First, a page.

Catrien Ross

Artist & Mystic in Japan



Japan’s Super Typhoon Destroys Roof, Ancient Ginkgo Tree, Catrien Ross New Book Launch

Written by: on February 5th, 20190 COMMENT

Removing Ginkgo Tree from Japanese Kohba Roof

Typhoon No. 24 (Super Typhoon Trami) ripped through Yamanashi on the night of September 30, 2018.

Its winds were the most ferocious I have ever experienced in twenty-five years of living through annual typhoon season in Japan.

My younger brother and his wife were visiting from Scotland and it was our last evening together.

Around midnight, as we huddled around the masonry heater in the main house, we heard an enormous crack sound through the howling.

When the entire building shuddered I knew it could only be the ancient ginkgo tree.

With a girth of more than 3.5m and a height soaring to over 15m this amazing tree had stood tall through some two hundred years of Japanese typhoon battering.

But not this time.

Hours later, when it was safe to check outside, the sight of the damage overwhelmed.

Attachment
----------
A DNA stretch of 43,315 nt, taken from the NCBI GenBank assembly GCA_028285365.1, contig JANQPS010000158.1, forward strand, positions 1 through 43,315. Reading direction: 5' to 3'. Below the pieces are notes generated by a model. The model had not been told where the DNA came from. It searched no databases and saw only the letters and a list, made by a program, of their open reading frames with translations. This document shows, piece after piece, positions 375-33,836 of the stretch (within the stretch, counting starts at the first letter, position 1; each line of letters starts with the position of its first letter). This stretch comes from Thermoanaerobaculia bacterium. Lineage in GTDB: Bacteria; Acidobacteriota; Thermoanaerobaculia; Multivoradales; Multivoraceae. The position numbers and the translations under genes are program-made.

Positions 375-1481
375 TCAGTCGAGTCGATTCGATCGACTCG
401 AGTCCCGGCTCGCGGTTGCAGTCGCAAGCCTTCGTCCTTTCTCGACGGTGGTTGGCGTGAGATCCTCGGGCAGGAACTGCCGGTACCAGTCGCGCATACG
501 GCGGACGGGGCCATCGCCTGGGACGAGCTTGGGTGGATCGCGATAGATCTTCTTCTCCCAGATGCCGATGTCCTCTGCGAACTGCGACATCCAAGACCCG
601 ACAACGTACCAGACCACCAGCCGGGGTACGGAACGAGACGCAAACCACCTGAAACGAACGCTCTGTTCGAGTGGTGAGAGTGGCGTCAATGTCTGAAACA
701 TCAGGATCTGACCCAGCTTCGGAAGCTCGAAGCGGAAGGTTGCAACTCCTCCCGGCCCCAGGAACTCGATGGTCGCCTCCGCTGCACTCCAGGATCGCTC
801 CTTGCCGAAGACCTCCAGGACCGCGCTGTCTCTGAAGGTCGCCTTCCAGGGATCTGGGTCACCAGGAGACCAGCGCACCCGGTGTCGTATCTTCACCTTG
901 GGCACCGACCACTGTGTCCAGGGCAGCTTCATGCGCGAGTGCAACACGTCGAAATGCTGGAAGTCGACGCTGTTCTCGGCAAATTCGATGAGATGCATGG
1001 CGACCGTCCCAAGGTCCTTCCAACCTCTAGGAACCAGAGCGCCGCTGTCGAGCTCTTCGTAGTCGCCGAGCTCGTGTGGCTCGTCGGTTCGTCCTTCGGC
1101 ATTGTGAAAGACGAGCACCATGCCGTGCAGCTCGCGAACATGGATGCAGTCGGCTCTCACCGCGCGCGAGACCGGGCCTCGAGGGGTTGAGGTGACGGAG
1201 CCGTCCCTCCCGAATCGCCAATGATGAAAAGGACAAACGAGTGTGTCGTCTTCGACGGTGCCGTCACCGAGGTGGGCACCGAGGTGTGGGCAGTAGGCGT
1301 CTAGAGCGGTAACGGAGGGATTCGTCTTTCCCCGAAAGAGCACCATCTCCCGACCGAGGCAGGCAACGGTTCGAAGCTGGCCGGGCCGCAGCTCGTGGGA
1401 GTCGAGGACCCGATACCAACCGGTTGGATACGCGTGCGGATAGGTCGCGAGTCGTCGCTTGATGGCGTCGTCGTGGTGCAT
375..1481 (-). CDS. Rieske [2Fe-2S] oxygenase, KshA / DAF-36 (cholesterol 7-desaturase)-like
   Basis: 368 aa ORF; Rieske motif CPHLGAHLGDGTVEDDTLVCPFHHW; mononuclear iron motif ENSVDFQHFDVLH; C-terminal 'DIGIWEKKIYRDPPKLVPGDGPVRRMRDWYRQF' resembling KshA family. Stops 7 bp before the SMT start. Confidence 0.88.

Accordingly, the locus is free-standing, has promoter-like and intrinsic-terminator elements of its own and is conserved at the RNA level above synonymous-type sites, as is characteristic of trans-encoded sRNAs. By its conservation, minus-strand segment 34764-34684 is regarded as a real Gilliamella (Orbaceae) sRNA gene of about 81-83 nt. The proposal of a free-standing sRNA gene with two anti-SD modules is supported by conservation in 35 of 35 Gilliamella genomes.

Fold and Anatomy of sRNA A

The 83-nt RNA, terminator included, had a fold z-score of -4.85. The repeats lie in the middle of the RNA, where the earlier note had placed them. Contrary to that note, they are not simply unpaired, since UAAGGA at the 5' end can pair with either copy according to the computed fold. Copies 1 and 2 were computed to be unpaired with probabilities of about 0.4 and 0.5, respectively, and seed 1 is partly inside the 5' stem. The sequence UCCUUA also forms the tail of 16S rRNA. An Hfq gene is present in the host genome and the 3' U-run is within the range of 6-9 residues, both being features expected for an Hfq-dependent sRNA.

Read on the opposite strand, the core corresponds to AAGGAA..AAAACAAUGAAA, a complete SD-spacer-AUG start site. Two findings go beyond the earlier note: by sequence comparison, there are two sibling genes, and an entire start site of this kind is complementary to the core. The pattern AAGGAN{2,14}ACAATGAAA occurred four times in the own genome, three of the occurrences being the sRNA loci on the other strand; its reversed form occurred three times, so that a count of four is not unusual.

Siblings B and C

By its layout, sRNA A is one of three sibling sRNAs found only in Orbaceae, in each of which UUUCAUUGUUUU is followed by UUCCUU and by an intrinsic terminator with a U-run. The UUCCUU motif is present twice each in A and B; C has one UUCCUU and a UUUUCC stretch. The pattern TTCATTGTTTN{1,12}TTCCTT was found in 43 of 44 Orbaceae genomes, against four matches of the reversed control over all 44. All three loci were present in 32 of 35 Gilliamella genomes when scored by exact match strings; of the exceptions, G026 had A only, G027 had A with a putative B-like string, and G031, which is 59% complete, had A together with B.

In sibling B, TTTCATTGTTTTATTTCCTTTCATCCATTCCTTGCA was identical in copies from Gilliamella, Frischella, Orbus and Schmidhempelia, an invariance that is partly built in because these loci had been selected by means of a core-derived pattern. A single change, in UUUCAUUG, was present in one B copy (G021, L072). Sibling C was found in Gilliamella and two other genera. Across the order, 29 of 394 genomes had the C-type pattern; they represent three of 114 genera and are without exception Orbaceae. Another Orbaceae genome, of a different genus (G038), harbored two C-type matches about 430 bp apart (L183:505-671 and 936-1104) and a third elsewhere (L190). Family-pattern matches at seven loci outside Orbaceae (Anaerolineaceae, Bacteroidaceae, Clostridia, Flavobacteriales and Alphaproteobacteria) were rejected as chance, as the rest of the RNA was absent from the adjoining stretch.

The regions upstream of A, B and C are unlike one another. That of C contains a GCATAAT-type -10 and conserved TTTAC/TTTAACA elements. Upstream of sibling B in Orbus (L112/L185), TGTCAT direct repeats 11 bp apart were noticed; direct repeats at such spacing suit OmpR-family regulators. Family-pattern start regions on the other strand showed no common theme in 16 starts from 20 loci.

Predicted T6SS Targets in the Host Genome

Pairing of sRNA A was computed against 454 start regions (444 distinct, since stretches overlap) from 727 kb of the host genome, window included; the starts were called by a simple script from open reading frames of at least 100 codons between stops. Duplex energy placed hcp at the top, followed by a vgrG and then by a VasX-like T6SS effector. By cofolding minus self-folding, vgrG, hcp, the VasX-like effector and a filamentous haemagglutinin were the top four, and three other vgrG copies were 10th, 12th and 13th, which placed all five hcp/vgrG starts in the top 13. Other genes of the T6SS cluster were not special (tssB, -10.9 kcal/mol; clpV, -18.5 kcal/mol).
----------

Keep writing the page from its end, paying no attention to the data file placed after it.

More than half of the ginkgo’s great trunk was still standing, but the upper limbs had twisted off, with the largest crashing down on the roof of the kohba.

Kohba is the Japanese word for a workshop, which at my old minka is a former silk weaving workshop adjacent to the main house.

So heavy were the tree limbs they had snapped the ridge beam and two of the hefty interior beams.

The ceiling was now a gaping hole over which a large limb was lying.

Although the earthen walls were upright and all windows unbroken, there was roofing material lying everywhere, mixed with broken rafters, crumbled plaster, branches, leaves, and yellow ginkgo nuts.

It was one big mess.

Carpenters were so busy with typhoon damage in Yamanashi that not until mid-December could actual repair work start.

Meantime everyday schedules were turned upside down.

And the book launch planned for my new books in late 2018 had to be delayed.

I shall miss the ancient ginkgo tree, which each year until now has given such joy with its amazing harvest of fruit and carpet of golden leaves.

But I am grateful none of us was hurt during that frightening typhoon, and that the main house was undamaged.

The interior of the kohba still requires extensive repair, but as the new year moves into February I am celebrating the new roof with the wood finials I designed.

2019 will be a year of resilience and recovery.

New kohba roof after repair


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